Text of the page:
Supreme Court ruling on whales and sonar and NEPA
Winters v. Natural Resources Defense Council, handed down this morning.
I'm posting it because the majority opinion isn't about whales and sonar: it's about injunction as a remedy, which is what you aim for in a test case. You start out seeking a preliminary injunction (order the other guy to stop it until we can get this case to trial) and end up seeking a permanent injunction (order him to stop it, permanently, after trial).
Preliminary injunction: there are four criteria, the two most important being likelihood of success on the merits (when it does get to trial you'll probably win) and likelihood of irreparable harm happening before trial if the conduct isn't stopped.
9th Circuit (and possibly others, I don't know) had a relatively permissive standard there. If you show a strong probability of success, you can get by with a lower probability of irreparable harm, the two can balance off, and with really high odds of winning you could get by with merely a "possibility" of irreparable harm.
Supreme Court says no to that idea. A plaintiff must prove both probability of success and likelihood of irreparable harm, and one doesn't balance off the other.
And at the end, it says that a permanent injunction is treated the same as a preliminary, except you must win on the merits. That means you have to meet the four criteria, including a showing of irreparable harm. Just because you won on the merits doesn't mean you automatically get an injunction (tho you may get declaratory relief).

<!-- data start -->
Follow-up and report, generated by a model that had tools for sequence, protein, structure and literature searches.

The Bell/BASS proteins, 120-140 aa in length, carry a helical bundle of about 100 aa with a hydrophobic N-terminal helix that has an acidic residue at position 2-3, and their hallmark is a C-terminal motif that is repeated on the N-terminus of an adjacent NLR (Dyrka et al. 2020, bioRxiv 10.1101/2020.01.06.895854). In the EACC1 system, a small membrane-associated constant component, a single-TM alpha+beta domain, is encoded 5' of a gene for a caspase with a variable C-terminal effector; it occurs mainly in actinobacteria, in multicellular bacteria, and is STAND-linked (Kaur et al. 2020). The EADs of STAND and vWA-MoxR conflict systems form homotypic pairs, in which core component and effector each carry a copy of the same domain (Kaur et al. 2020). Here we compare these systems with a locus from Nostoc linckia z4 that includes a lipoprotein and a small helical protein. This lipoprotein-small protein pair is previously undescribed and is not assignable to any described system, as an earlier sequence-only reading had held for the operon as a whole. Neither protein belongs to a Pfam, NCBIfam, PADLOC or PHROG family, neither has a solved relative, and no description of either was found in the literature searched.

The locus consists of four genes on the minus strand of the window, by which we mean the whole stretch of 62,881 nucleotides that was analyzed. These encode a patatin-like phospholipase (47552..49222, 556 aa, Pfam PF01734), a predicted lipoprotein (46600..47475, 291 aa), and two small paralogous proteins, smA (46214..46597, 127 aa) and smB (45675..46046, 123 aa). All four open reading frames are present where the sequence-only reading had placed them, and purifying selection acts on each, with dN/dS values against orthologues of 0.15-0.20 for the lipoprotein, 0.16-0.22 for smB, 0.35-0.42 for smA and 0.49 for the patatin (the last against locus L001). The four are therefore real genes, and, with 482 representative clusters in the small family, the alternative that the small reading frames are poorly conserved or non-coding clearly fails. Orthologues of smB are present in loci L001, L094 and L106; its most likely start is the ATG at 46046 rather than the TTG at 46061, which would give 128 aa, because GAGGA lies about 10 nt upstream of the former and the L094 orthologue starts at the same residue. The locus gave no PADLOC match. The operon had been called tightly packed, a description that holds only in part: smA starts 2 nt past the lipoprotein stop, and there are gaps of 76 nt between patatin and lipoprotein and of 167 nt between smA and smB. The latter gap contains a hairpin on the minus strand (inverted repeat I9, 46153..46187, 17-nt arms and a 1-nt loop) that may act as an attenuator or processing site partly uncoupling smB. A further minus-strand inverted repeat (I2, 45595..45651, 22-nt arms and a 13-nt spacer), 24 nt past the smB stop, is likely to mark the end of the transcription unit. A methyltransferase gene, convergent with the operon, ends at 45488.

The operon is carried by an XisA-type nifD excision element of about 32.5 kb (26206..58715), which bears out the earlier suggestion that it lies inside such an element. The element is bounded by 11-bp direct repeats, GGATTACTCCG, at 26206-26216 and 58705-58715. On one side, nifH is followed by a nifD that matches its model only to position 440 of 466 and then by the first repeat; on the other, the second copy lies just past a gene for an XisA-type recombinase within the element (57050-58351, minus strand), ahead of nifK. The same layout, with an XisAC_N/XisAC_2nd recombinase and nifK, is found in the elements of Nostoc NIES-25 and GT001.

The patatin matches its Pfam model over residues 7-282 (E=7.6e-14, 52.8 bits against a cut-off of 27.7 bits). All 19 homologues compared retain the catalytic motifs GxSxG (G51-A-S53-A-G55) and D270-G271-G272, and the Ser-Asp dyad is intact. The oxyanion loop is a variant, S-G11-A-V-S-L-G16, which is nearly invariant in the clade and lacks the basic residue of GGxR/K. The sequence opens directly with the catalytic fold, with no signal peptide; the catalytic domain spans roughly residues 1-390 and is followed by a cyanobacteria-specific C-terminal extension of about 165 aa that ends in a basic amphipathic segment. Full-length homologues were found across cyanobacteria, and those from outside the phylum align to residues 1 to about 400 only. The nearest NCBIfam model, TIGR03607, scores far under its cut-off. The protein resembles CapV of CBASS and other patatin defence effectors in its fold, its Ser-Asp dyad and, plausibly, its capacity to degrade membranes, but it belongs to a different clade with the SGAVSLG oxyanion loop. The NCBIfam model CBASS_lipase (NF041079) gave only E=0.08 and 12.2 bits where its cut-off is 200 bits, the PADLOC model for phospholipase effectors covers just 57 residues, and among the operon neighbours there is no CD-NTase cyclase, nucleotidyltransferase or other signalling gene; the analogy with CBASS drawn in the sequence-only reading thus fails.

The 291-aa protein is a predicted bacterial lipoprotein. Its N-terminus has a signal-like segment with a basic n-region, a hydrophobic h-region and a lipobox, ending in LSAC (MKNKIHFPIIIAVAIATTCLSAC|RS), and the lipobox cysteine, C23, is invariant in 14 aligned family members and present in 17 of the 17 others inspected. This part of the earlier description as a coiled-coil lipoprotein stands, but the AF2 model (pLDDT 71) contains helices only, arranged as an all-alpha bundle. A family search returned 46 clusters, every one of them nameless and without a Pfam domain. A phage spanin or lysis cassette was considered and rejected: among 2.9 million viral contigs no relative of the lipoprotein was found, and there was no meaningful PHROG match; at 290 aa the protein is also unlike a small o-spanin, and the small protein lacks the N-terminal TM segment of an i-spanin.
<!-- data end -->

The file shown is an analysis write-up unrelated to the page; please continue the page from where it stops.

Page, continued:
I wonder why NRDC brought it in the first place. The Navy had gotten a "dispensation" as it were from the Council on Environmental Quality, which administers NEPA, the statute they sued under. An injunction limiting Navy anti-sub training doesn't seem like a good idea. Maybe they figured they were in the 9th Circuit, which loves enviro suits, but an injunction of this type would be something the Supreme Court would snap at. Which it did, and now NRDC is stuck with case law that hurts its lawsuits.
So the NRDC loses, YAY! Where they go also goes lead ammo bans, "green" ammunition, and the end to hunting.
Posted by: DirtCrashr at November 12, 2008 12:20 PM
"A plaintiff must prove both probability of success and likelihood of irreparable harm, and one doesn't balance off the other."
With the above, it will be not so fast on the green ammo ban. See:
Posted by: Anonymous at November 12, 2008 01:03 PM
You miss the point of the suit I think, they could give a rat's ass about marine wildlife, they want to prevent the navy from effectively training.
Posted by: ParatrooperJJ at November 13, 2008 05:53 AM